First Available Cell: Desegregation of the Texas Prison System

First Available Cell: Desegregation of the Texas Prison System

First Available Cell: Desegregation of the Texas Prison System

First Available Cell: Desegregation of the Texas Prison System


Decades after the U. S. Supreme Court and certain governmental actions struck down racial segregation in the larger society, American prison administrators still boldly adhered to discriminatory practices. Not until 1975 did legislation prohibit racial segregation and discrimination in Texas prisons. However, vestiges of this practice endured behind prison walls. Charting the transformation from segregation to desegregation in Texas prisons--which resulted in Texas prisons becoming one of the most desegregated places in America--First Available Cellchronicles the pivotal steps in the process, including prison director George J. Beto's 1965 decision to allow inmates of different races to co-exist in the same prison setting, defying Southern norms.

The authors also clarify the significant impetus for change that emerged in 1972, when a Texas inmate filed a lawsuit alleging racial segregation and discrimination in the Texas Department of Corrections. Perhaps surprisingly, a multiracial group of prisoners sided with the TDC, fearing that desegregated housing would unleash racial violence. Members of the security staff also feared and predicted severe racial violence. Nearly two decades after the 1972 lawsuit, one vestige of segregation remained in place: the double cell. Revealing the aftermath of racial desegregation within that 9 x 5 foot space,First Available Celltells the story of one of the greatest social experiments with racial desegregation in American history.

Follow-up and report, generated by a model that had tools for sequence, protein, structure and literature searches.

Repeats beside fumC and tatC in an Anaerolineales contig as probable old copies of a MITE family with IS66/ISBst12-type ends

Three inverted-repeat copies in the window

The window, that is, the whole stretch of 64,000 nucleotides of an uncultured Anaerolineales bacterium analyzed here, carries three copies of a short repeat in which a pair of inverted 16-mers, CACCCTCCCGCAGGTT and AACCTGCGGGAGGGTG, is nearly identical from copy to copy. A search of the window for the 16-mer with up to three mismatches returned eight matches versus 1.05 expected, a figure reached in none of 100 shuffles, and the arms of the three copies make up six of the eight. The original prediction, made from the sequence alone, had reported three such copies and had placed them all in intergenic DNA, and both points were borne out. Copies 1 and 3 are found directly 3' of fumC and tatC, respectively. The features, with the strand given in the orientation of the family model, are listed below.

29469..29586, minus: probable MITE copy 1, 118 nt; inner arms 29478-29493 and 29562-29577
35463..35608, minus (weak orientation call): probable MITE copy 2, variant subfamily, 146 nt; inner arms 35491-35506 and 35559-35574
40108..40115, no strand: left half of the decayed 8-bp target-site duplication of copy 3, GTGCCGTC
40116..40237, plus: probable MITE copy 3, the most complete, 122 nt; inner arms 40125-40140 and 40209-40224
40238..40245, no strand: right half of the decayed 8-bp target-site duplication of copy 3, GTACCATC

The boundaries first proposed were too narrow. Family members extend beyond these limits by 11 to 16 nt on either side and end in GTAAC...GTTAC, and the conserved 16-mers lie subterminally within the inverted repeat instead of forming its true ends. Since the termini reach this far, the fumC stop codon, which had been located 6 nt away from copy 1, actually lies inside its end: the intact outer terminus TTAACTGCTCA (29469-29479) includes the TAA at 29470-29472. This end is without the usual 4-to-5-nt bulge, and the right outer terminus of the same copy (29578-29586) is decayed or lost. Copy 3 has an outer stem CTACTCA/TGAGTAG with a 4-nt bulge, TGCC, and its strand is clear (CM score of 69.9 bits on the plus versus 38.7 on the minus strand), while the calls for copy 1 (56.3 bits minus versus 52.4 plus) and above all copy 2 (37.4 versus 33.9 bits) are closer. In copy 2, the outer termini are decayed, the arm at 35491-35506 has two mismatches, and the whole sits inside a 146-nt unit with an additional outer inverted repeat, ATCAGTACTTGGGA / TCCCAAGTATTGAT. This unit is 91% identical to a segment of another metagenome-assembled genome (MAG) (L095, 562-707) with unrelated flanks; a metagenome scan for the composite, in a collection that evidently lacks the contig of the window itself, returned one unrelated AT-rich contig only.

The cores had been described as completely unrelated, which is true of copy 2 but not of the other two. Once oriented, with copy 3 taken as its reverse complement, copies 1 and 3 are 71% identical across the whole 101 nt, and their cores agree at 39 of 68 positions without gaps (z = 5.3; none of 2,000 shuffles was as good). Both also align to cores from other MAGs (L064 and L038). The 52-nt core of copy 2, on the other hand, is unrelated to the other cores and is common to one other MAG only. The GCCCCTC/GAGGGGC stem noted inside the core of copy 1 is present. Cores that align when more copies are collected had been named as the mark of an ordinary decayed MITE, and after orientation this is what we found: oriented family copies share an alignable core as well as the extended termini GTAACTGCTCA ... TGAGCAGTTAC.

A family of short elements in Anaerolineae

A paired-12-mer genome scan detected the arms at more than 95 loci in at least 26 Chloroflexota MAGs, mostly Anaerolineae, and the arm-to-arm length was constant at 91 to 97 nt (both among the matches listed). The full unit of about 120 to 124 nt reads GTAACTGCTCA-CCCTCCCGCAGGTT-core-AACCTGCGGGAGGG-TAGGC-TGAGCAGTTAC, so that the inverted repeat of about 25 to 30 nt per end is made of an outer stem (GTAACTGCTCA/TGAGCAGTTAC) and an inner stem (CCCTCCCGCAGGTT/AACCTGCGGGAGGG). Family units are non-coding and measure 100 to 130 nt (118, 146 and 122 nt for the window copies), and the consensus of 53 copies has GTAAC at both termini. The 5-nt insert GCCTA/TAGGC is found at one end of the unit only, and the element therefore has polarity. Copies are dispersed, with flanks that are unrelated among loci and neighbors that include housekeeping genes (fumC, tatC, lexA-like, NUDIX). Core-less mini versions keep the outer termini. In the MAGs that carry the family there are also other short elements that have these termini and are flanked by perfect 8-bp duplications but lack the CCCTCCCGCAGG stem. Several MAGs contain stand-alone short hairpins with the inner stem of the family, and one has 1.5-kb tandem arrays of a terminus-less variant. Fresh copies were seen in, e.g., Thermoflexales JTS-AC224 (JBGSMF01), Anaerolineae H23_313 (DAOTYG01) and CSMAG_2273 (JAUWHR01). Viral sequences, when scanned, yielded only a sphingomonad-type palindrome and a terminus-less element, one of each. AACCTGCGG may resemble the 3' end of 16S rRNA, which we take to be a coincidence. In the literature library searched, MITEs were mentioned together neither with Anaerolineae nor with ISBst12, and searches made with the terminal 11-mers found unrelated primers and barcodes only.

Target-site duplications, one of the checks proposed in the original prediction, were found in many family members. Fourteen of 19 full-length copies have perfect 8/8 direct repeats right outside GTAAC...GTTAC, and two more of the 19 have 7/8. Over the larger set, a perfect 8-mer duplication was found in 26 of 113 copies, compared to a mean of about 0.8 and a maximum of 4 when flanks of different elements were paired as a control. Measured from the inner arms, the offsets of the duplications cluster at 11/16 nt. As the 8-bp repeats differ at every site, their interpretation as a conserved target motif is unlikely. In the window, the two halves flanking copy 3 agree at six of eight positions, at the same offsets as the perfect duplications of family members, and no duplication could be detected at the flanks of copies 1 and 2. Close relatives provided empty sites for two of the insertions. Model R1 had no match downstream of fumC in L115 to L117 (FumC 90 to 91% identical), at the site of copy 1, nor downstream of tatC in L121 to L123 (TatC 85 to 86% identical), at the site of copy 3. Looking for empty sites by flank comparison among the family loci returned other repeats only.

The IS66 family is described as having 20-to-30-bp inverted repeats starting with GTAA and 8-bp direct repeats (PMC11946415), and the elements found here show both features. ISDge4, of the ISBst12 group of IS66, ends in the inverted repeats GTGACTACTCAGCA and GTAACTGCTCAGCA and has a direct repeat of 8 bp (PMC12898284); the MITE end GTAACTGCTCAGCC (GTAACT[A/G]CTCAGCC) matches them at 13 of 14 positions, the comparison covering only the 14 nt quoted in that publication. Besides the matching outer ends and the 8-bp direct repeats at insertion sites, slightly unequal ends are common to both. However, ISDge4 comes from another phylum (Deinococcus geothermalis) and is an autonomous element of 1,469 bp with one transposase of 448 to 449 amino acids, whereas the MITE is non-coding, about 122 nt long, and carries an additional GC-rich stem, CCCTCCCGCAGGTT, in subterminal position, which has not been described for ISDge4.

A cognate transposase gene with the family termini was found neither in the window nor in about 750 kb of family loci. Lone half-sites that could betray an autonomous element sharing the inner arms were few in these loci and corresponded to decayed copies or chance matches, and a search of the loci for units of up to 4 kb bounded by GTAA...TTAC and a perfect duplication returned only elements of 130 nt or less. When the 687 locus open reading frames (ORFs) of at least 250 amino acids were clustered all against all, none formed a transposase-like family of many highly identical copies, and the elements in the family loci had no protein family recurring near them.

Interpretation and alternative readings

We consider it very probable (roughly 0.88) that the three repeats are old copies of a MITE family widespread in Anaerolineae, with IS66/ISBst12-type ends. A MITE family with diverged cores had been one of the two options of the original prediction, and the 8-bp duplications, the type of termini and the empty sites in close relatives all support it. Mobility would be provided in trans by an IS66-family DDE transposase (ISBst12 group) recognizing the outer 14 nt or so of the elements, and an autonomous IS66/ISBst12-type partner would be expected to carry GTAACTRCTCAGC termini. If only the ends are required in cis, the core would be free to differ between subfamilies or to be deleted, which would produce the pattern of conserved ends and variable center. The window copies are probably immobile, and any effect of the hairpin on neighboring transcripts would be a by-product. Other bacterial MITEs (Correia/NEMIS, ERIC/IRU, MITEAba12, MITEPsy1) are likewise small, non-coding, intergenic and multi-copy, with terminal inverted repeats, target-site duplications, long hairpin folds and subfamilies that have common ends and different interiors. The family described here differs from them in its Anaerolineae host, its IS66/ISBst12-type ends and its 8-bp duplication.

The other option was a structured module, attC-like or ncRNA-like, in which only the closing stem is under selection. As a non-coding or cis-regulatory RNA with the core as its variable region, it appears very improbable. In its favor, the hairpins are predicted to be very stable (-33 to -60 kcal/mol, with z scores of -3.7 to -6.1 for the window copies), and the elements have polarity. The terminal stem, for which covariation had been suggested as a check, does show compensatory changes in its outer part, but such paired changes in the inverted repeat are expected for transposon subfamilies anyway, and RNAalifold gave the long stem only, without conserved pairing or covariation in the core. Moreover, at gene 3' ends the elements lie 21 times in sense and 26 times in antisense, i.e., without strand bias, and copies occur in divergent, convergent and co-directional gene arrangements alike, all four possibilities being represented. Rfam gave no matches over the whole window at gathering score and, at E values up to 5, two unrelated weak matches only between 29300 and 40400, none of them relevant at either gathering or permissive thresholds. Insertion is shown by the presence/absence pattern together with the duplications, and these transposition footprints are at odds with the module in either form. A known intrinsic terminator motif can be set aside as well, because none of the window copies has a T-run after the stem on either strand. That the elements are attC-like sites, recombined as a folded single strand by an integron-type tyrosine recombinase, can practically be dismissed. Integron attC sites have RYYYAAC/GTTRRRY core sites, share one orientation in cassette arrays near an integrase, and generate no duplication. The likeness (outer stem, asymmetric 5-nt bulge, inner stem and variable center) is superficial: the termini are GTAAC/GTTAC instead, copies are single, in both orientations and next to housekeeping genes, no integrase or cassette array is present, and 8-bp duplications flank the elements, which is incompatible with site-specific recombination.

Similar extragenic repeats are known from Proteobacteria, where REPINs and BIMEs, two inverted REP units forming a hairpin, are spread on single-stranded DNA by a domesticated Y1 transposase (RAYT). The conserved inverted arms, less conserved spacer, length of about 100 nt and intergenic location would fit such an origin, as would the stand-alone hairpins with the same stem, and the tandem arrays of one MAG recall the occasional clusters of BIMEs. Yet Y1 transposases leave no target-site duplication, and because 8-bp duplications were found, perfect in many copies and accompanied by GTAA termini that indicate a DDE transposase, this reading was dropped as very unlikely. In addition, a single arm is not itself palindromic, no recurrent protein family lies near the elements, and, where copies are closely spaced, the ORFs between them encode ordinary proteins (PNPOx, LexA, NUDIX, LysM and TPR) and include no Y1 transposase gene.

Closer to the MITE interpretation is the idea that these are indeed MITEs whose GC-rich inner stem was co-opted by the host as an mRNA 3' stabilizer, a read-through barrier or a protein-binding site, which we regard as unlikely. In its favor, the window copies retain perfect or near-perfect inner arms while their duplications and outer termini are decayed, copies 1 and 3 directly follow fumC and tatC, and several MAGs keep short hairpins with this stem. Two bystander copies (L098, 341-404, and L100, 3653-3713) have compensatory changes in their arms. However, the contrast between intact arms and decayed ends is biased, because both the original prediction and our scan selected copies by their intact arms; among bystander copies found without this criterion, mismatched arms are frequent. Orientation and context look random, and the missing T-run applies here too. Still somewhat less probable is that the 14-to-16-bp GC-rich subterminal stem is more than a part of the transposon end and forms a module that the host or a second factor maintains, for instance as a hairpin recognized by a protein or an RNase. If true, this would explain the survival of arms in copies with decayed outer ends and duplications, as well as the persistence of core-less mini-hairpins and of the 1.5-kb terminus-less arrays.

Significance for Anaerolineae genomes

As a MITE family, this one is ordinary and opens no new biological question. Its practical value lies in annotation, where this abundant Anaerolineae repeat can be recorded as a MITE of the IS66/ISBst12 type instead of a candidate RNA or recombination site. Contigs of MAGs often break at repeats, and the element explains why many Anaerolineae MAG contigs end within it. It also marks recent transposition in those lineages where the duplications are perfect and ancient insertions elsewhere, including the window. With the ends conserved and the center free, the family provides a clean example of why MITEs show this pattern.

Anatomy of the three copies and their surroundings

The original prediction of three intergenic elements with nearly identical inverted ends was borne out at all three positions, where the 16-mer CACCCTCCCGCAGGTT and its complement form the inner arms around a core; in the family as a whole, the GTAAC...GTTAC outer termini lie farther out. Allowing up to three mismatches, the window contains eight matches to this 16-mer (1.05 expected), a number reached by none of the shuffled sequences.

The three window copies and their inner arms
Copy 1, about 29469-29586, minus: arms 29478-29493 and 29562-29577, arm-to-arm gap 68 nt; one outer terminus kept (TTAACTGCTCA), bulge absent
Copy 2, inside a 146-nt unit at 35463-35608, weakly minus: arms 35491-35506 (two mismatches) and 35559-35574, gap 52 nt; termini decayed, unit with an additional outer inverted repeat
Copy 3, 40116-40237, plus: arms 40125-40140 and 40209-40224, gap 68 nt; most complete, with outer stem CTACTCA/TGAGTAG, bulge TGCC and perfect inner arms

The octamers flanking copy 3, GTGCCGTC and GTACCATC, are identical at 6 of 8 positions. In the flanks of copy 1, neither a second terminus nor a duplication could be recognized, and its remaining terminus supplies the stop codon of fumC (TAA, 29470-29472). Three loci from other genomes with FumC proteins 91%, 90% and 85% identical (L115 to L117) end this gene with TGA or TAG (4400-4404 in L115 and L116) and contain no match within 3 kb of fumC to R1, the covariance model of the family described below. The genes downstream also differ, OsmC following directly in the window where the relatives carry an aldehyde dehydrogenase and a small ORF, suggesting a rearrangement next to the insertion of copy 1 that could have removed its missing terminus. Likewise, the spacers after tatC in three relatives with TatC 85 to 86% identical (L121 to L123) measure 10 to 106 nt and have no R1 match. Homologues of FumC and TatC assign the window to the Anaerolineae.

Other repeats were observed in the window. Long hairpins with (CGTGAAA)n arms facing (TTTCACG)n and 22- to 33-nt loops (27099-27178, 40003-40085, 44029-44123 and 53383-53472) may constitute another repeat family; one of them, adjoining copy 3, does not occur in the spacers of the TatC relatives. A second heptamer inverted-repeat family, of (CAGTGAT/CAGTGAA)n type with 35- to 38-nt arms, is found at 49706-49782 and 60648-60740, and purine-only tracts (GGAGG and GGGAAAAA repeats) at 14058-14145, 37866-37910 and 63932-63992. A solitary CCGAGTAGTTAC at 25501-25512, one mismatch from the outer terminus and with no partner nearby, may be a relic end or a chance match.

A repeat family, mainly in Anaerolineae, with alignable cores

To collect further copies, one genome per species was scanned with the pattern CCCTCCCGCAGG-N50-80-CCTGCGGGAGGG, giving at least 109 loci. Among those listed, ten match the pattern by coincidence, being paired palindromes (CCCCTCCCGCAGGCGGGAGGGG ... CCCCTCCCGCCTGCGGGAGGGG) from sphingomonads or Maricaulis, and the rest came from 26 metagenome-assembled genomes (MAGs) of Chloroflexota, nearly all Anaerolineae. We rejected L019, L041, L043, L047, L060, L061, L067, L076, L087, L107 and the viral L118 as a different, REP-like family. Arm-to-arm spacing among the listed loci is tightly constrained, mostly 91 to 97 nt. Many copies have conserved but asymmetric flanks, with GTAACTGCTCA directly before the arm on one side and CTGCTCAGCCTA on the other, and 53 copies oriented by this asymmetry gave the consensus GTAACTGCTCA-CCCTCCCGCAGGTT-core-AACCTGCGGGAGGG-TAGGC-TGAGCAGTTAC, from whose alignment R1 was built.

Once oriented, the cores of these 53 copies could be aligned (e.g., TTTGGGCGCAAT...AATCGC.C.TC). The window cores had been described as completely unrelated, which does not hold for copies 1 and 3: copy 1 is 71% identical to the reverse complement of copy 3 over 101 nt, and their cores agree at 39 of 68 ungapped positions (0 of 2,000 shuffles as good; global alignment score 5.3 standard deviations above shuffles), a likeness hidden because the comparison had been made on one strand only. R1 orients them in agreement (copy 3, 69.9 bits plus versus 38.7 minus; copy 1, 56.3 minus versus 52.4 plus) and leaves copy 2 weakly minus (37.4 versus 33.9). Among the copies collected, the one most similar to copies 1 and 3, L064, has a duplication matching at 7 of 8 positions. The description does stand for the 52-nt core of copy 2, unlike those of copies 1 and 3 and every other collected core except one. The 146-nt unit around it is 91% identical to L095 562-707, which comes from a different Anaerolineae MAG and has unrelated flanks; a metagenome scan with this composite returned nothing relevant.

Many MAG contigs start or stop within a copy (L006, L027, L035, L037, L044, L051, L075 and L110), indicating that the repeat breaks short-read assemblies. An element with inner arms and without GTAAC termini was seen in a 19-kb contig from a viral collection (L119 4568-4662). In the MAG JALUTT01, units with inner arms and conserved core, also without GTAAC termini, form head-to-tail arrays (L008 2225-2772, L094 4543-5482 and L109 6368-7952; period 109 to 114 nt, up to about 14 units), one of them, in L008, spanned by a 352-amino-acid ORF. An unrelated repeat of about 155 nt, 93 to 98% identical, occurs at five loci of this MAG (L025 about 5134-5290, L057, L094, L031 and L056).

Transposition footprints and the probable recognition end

Institutionalized sanctions of serious criminal offenders mirror the society in which they are applied. Punishment rationales and practices reflect prevailing values. In turn, citizens whose behavior and lifestyles least reflect those values are invariably those most often subject to criminal sanctions. And, as society changes, so too do institutions of punishment.

The history of prisons well illustrates these connections between punishment systems and social order. Though lockups have been around for centuries, only in early-nineteenth-century America did prisons emerge as places where offenders were incarcerated as punishment rather than as places for offenders to await punishment of some other type. In a religious society where both individual freedom and personal responsibility were core values and where crime (and the possibility of redemption) was thought to hinge on the will of the offender, prisons became institutions in which extended confinement itself constituted the punishment. Incarcerated offenders were expected to become penitent and to see the error of their ways.

Prisons, then as now, were populated primarily by marginalized people whose values and behaviors fall outside society’s socio-legal mainstream. Prisoners typically represent the lowest rungs of society’s life-chance ladder. In the United States, they are overwhelmingly poor, uneducated, and occupationally (as well as criminally) unskilled men. Moreover, racial and ethnic minorities, especially African Americans, are disproportionately represented in U.S. prisons. In Texas prisons, for example, African American inmates constitute well over 40 percent of the population, three times their proportion in the state overall. A similar disparity exists in prisons across the country.

Though activists in the last century sought to eliminate the discrimination in law and practice that disadvantaged minorities in particular, they made only limited progress until the mid-twentieth century. By the 1940s the tide . . .

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